Publication Date: April 2020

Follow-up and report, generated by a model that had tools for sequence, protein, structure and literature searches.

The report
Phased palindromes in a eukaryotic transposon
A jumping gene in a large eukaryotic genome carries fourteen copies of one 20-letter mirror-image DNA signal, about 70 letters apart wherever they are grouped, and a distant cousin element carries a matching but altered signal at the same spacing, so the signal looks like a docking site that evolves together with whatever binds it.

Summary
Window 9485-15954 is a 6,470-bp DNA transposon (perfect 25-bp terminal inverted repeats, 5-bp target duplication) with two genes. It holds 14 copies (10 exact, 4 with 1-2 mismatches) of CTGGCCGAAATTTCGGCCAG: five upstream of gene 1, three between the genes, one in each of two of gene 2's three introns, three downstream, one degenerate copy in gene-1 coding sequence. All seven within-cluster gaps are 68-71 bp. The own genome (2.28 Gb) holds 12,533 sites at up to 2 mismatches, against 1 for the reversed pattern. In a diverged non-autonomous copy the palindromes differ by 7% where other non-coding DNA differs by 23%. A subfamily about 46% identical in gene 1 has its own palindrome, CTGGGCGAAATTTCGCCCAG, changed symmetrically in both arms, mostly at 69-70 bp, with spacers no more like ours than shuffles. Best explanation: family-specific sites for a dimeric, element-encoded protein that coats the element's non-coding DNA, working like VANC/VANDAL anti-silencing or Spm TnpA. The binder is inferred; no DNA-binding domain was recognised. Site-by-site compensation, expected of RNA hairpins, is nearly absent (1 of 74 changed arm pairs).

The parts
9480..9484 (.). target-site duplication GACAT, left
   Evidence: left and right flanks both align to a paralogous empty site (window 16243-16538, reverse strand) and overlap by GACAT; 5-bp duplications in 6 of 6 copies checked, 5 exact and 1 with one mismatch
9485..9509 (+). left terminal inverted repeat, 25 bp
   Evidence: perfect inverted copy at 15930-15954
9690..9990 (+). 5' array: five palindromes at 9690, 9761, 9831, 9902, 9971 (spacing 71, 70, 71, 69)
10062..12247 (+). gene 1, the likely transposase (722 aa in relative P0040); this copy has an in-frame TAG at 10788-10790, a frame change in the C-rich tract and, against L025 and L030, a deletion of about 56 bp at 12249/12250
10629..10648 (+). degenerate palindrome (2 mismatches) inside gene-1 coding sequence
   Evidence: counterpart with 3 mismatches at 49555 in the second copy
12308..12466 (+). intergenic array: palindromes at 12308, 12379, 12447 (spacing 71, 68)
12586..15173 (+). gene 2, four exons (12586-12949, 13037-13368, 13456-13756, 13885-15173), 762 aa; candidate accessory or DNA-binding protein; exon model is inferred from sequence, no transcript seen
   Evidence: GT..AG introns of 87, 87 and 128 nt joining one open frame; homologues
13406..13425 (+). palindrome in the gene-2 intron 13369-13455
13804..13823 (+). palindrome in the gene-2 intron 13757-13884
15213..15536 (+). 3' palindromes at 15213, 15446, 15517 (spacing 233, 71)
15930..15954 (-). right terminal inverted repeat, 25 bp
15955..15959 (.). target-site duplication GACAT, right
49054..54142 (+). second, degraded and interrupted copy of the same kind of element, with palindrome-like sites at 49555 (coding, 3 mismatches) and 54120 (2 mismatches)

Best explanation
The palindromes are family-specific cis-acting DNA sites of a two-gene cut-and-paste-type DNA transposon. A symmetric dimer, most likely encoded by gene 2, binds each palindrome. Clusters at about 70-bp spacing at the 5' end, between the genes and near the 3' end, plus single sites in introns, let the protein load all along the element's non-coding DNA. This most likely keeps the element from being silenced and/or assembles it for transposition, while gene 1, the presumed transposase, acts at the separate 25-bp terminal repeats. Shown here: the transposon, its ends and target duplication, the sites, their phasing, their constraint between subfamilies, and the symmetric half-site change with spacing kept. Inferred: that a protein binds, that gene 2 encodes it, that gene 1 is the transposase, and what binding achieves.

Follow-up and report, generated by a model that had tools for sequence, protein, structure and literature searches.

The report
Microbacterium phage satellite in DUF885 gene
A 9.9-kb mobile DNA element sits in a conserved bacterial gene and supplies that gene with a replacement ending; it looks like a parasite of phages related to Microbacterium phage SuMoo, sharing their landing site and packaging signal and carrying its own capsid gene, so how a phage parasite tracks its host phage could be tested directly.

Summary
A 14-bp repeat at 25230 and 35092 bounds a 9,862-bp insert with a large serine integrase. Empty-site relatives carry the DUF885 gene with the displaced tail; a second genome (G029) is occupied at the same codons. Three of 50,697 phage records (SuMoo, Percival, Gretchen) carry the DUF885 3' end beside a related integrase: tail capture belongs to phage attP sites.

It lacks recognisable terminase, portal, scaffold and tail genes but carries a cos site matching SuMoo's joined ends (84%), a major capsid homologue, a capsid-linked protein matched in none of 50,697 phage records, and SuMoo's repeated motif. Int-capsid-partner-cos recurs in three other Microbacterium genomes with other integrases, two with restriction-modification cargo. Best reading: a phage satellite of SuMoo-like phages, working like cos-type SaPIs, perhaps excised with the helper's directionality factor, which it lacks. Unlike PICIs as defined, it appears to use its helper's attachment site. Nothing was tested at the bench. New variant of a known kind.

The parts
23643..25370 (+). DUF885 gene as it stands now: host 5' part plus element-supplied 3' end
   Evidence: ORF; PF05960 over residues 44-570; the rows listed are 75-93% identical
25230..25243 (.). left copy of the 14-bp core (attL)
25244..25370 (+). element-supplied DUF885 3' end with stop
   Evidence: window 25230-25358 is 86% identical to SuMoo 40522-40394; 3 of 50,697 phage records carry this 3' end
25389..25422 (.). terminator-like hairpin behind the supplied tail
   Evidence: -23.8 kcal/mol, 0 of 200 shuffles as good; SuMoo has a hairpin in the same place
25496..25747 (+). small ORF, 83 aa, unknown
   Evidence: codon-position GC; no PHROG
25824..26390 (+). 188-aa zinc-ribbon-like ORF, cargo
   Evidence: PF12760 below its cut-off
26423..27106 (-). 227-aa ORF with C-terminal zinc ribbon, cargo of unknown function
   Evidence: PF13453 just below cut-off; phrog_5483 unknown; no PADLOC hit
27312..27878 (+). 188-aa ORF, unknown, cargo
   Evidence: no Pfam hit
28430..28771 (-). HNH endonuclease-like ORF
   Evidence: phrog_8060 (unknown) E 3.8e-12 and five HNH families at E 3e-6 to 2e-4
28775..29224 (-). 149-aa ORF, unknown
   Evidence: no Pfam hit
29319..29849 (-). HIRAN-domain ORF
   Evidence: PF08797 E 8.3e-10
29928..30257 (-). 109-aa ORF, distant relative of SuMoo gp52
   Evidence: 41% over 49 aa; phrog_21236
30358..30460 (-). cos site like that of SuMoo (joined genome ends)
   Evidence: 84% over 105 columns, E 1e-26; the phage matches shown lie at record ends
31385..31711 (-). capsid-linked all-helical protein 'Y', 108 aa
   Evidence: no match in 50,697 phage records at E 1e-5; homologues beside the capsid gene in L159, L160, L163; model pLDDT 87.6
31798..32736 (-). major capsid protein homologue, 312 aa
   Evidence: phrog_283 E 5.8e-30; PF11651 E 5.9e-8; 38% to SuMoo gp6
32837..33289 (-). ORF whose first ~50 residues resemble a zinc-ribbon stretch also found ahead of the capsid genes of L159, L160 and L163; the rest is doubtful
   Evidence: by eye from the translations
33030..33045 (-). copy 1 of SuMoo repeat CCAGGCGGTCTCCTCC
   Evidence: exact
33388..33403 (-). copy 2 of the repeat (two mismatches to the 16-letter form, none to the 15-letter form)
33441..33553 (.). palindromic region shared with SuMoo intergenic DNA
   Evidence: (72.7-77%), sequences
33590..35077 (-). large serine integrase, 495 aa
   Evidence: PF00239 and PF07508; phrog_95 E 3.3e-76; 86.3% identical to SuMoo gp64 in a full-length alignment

As children reach adolescence, peer interactions become increasingly central to their development, whereas the direct influence of parents wanes. Nevertheless, parents may continue to exert leverage by shaping their children’s peer groups. We study interactions of parenting style and peer eﬀects in a model where children’s skill accumulation depends on both parental inputs and peers, and where parents can aﬀect the peer group by restricting who their children can interact with. We estimate the model and show that it can capture empirical patterns regarding the interaction of peer characteristics, parental behavior, and skill accumulation among US high school students. We use the estimated model for policy simulations. We ﬁnd that interventions (e.g., busing) that move children to a more favorable neighborhood have large eﬀects but lose impact when they are scaled up because parents’ equilibrium responses push against successful integration with the new peer group.